Are you making this simple mistake in the kitchen that could cause food poisoning?
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The message from Food Standards Scotland is clear: You must never wash raw chicken, or you could wind up with a nasty case of food poisoning. Food poisoning from poor handling or cooking of raw chicken, especially for over 65s, can lead to discomfort, sickness, or even a hospital stay. Read on to learn how you could be making a mistake in the kitchen.
The culprit in the kitchen: Should you wash raw chicken?
Campylobacter infection is a bacterial food poisoning that can come from contaminated foods or environmental exposure. It is the most common bacterial cause of food poisoning in Scotland and the rest of the UK. Campylobacter infection causes a diarrhoeal infection, which could have dire consequences if you are over 65 or already suffering from health problems. This is due to the body’s immune system weakening as people age, which increases the risk of getting food poisoning and can result in hospitalisation or even causing death. Although there are more cases in the warmer months, people can become infected with campylobacter infection at any time of the year.
People can get campylobacter infection from environmental exposures (e.g. contact with farm animals) or by eating contaminated food. The biggest culprit in the kitchen for campylobacter? It may come as a surprise, but campylobacter is most commonly spread by improper handling, preparation and cooking of raw chicken. So, when preparing chicken, listen to the advice by Food Standards Scotland, and don’t wash your chicken before cooking.
Key tips to preventing food poisoning from chicken
Food Standards Scotland has outlined the Four C’s that can help you prevent food poisoning from campylobacter: Chilling, Cleaning, avoid Cross-Contamination, and Cooking correctly. Read on to learn more.
- Defrost chicken overnight in a covered container on the bottom shelf of the fridge. To avoid food poisoning take special care when defrosting a frozen chicken. Do not let the juices from defrosting leak or drip onto other food items or parts of your refrigerator. While freezing meat is a great way to reduce waste and save money if the use-by date is approaching, it’s important to defrost safely.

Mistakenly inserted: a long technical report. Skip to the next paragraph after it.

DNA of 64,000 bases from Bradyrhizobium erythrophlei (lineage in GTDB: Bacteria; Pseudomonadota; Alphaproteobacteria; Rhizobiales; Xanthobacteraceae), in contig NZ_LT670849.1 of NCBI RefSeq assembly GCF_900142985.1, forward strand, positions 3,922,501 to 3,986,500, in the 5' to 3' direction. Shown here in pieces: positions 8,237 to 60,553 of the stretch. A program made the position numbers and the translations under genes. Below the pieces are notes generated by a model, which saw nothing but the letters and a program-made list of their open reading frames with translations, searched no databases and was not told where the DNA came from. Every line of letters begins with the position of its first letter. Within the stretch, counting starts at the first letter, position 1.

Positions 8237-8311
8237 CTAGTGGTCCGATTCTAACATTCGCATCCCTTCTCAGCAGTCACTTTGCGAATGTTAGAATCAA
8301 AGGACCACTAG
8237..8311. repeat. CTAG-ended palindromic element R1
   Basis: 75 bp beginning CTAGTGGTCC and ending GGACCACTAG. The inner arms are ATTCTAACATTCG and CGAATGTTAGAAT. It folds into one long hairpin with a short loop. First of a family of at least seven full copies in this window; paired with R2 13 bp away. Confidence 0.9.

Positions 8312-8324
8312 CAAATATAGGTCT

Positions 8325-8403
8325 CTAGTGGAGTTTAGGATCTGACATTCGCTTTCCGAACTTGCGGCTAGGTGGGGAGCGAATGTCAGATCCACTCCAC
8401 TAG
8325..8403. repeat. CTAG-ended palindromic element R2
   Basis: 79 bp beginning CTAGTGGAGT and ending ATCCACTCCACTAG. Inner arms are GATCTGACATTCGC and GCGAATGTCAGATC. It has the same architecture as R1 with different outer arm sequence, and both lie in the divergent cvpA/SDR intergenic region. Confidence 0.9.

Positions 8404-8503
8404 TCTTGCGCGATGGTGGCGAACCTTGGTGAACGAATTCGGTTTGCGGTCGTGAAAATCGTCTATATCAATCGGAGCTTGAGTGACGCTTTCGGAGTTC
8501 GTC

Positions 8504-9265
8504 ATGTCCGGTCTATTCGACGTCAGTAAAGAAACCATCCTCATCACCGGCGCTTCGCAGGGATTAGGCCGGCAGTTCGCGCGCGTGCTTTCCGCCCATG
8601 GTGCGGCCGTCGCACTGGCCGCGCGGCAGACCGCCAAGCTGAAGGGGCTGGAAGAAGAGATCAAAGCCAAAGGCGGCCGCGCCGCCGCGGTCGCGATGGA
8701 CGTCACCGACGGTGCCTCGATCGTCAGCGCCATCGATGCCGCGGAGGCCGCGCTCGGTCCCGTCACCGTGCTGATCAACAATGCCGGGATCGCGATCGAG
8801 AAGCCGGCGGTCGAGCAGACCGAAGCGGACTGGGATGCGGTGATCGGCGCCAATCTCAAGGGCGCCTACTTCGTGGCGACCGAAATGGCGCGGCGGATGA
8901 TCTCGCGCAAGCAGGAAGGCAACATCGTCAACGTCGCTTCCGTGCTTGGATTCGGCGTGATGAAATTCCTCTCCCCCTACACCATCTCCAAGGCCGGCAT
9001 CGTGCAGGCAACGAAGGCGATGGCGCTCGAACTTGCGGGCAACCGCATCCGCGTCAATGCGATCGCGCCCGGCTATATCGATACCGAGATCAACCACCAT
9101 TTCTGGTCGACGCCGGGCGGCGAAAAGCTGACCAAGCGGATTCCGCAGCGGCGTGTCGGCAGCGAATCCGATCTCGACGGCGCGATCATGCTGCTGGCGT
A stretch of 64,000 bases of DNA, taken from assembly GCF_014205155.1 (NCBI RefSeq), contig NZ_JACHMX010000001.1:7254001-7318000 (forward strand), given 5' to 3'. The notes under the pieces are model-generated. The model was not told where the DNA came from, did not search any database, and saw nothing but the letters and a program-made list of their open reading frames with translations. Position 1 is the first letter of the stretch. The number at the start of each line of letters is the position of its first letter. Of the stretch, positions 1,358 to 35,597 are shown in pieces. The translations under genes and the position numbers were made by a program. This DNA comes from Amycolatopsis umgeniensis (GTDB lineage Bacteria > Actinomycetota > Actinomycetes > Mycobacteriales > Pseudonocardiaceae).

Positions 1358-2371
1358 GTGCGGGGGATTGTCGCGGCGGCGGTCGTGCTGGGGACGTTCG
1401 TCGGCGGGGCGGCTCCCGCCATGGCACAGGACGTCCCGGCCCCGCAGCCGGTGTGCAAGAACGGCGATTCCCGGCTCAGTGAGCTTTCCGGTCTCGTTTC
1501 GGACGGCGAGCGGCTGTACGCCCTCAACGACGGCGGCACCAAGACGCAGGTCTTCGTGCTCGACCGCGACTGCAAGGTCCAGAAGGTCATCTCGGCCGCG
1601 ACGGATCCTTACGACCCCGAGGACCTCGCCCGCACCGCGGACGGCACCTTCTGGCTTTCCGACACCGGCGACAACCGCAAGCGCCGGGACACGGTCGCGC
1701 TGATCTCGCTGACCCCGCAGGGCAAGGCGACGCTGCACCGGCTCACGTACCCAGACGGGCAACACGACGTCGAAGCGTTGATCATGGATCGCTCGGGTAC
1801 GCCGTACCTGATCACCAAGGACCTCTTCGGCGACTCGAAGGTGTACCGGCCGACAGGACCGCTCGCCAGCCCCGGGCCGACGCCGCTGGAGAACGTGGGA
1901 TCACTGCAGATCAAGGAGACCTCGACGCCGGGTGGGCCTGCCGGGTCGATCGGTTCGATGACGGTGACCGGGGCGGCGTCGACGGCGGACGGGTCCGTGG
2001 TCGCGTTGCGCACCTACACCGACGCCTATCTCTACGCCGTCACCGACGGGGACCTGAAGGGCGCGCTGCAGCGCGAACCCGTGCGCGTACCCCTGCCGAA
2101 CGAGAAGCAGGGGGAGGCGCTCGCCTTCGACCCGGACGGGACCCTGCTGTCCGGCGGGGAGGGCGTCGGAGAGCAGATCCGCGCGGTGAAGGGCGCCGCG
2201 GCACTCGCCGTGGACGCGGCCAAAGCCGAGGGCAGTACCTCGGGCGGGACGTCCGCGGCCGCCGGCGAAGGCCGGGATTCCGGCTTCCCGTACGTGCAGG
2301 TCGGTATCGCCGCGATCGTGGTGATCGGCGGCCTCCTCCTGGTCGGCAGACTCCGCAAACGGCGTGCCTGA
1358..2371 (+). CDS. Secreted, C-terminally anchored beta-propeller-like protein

- Do not wash raw chicken during preparation. Washing chicken can splash harmful bacteria around the kitchen sink and surfaces.
- Wash hands thoroughly in warm, soapy water after touching raw chicken. Hygiene is always important when cooking, but never more so than when handling raw chicken.
- Be sure to use different chopping boards and utensils for raw and cooked food to avoid cross-contamination. Avoid cross-contamination and spreading of harmful bacteria by keeping your utensils and surfaces clean.
- Cook chicken thoroughly and all the way through. Check the cooking instructions on your chicken package. Be sure the meat is cooked all the way through to 75°C using a meat thermometer. There should be no pink meat, the juices should run clear and the chicken must be steaming hot.
So, the next time you’re making dinner, don’t forget the advice of Food Standards Scotland. Don’t pre wash and be sure to handle your chicken with care. Bonne appetite!
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